An. funestus is an example of an important malaria vector that may be less sensitive to the auto-dissemination technique. Its larvae tend to be restricted to larger aquatic sites that are regularly flushed with water [16]. This will decrease the persistence of PPF (U) and increase the number of contaminations necessary to render habitats unproductive (Ω). However, under some conditions, the relatively stable demographic composition of An. funestus [16] might contribute to maintaining a practicable O/H ratio.

Optimizing the contamination of aquatic sites, particularly in the context of large water volumes or low density mosquito populations, might be possible through increasing the potency of the PPF formulation (such that Ω is minimized and U is maximized). The levels of control detailed by Devine et al [11] were achieved with a commercially available 0.5% PPF formulation. Increasing the percentage active ingredient to 50% would raise the contaminating potential of a single transfer event by 100-fold. Additional ecological factors might further maximize the number of contaminating transfers between treated surfaces and aquatic habitats. Single breeding sites often receive visits from a number of Anophelines and repeated sequences of resting and oviposition may occur during a single gonotrophic cycle [24]. Perhaps crucially, many abundant, non-target mosquitoes may also be enlisted in the transfer process; Culex and Anopheline species often share the same aquatic and terrestrial resources [18]). Yet another potentially exciting element of the strategy, still to be explored in a field setting is that contact with PPF reduces the fertility of mosquitoes [12]. This trait has been exploited for the control of other dipteran pests [25].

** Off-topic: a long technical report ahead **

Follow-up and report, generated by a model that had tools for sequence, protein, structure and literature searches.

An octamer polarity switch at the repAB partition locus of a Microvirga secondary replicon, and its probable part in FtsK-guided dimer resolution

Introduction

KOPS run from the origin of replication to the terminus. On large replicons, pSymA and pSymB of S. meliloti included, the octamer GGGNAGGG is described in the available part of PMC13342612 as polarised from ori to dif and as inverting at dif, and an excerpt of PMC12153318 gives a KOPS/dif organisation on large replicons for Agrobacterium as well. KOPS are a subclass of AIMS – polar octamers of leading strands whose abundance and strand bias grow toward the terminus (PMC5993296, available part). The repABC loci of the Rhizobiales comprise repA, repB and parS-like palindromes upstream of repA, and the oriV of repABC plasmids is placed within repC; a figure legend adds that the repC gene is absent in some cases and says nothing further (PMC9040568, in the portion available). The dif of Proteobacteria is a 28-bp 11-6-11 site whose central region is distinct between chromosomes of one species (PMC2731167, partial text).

Conclusion: an exciting new tool?

The obligate resting and oviposition behaviours exploited by this novel technique underpin mosquito survival, reproduction and abundance but they have been largely overlooked in deference to studies on host-seeking and blood-feeding. Although the role of conventionally applied larvicides for the control of malaria vectors has been convincingly demonstrated [9,19] the optimization and application of this new auto-dissemination methodology will require a detailed characterization of oviposition behaviour and of the effective transfer distances between feeding, resting and aquatic resources. It will also require an understanding of the abundance and behaviour of co-existing species at those resources and a study on the impacts of PPF on various aquatic habitats. In principle however, the method offers a new way to reduce mosquito densities (and therefore affect entomological inoculation and malaria rates [10]). Its concepts are elegantly simple and safe and it promises substantial reductions in the financial and labour costs of larviciding. It may ultimately prove to be a useful complement to ITNs and IRS, especially in areas where these are threatened by the evolution of pyrethroid resistance and where mosquitoes rest and bite out of doors.

Competing interests

The authors declare that they have no competing interests.

Authors' contributions

GD wrote the article, GK devised the model. All authors read and approved the final manuscript.